Note that a time-reversed simulation is not equivalent to a simulation where the laser pulse propagates in the opposite direction. To distinguish these two cases, the longitudinal momentum of the electron as a function of its z-coordinate is shown in Fig. 2(c). The dotted line is a time-reversed simulation, while the dot-dashed line is for a laser propagating along the negative z-axis.

A case where we begin the calculation very early (tb=1200​ ​) is shown in Fig. 2(d). Using the same initial conditions, the time-reversed simulation tells us that the electron needed an injection energy γi​ ​ is equal to the initial energy γ0 of the normal calculation, i.e., γi=γ0=1​ ​, as expected. This case is a good simulation example.

Table 1

Table 1. The outgoing energy γf and needed injection energy γi in some typical cases. z0 is the initial position, γ0 the initial energy, Up0 the initial ponderomotive potential in units of mec2.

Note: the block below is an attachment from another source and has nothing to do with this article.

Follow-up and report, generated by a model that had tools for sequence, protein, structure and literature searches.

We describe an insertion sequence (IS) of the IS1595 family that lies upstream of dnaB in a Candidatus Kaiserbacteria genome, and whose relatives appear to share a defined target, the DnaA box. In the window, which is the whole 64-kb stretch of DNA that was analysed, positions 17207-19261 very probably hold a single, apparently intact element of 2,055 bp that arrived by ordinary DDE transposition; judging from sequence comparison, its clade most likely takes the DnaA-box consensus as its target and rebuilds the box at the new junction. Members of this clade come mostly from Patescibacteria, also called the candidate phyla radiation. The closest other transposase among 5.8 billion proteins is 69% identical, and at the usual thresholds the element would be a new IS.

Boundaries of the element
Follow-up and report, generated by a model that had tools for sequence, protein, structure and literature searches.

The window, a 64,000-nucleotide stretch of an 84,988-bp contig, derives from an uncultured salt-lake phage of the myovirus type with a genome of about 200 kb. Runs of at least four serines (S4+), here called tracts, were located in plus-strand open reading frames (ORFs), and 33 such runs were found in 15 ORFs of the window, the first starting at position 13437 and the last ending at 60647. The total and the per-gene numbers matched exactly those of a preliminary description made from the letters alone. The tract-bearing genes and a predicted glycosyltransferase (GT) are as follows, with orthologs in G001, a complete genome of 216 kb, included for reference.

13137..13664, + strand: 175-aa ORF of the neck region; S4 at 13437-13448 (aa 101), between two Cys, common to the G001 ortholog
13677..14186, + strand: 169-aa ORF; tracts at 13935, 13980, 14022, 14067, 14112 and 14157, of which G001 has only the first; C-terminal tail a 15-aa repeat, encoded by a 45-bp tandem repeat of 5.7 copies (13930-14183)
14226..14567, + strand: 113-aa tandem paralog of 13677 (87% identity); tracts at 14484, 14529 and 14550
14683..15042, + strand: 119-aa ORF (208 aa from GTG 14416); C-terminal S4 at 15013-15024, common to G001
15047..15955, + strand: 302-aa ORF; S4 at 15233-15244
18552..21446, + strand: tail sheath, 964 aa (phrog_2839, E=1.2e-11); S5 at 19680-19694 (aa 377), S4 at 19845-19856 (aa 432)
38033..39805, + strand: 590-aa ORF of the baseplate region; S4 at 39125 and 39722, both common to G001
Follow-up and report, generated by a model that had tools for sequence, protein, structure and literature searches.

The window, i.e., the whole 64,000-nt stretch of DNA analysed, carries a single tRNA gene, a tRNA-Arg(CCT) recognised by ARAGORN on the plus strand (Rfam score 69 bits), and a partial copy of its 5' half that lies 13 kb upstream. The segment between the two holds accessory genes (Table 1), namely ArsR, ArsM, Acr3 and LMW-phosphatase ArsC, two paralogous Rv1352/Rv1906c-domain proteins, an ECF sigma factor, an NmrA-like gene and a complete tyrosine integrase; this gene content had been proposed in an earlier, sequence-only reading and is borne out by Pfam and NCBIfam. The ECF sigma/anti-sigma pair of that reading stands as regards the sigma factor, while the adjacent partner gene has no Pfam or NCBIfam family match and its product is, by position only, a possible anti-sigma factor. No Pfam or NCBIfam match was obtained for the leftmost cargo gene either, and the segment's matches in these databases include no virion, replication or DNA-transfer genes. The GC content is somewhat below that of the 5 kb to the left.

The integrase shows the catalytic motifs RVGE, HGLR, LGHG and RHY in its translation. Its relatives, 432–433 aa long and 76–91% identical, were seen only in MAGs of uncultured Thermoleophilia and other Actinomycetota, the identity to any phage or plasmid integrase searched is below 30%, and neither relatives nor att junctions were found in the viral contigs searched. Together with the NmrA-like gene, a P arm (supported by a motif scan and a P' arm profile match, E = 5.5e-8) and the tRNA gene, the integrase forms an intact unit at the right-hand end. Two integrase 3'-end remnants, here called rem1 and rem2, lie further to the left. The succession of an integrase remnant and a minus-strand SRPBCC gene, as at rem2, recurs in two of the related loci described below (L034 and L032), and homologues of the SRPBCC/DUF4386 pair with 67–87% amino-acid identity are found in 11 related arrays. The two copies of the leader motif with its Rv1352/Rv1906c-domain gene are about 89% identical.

table-icon
View This Table
presents a variety of other cases. We begin with cases where the electron starts on the optical axis (x0=y0=0,β0x=β0y=0) with one of three initial velocities in the z-direction: at rest (β0z=0), at low speed (β0z=0.05, about 640eV), and at high speed (β0z=0.999, about 10.9MeV). The laser parameters are always a0=10, w0=60 and τ=200. We consider the following 5 kinds of cases of initial conditions: a) the electron and the center of the laser pulse are both at the origin (Nos. 1, 2, 3); b) the laser pulse is centred on the origin and the electron is one pulse duration ahead (Nos. 4, 5, 6); c) the electron is at the origin and the center of the laser pulse is one pulse duration behind (Nos. 7, 8, 9); d) the pulse center and electron coincide initially at a point two Rayleigh lengths behind the laser focus (Nos. 10, 11, 12); and e) the electron is at the origin and the center of the laser pulse is five pulse durations behind (Nos. 13, 14, 15). For each case we run the simulation forwards and backwards to determine the outgoing energy γf and needed injection energy γi.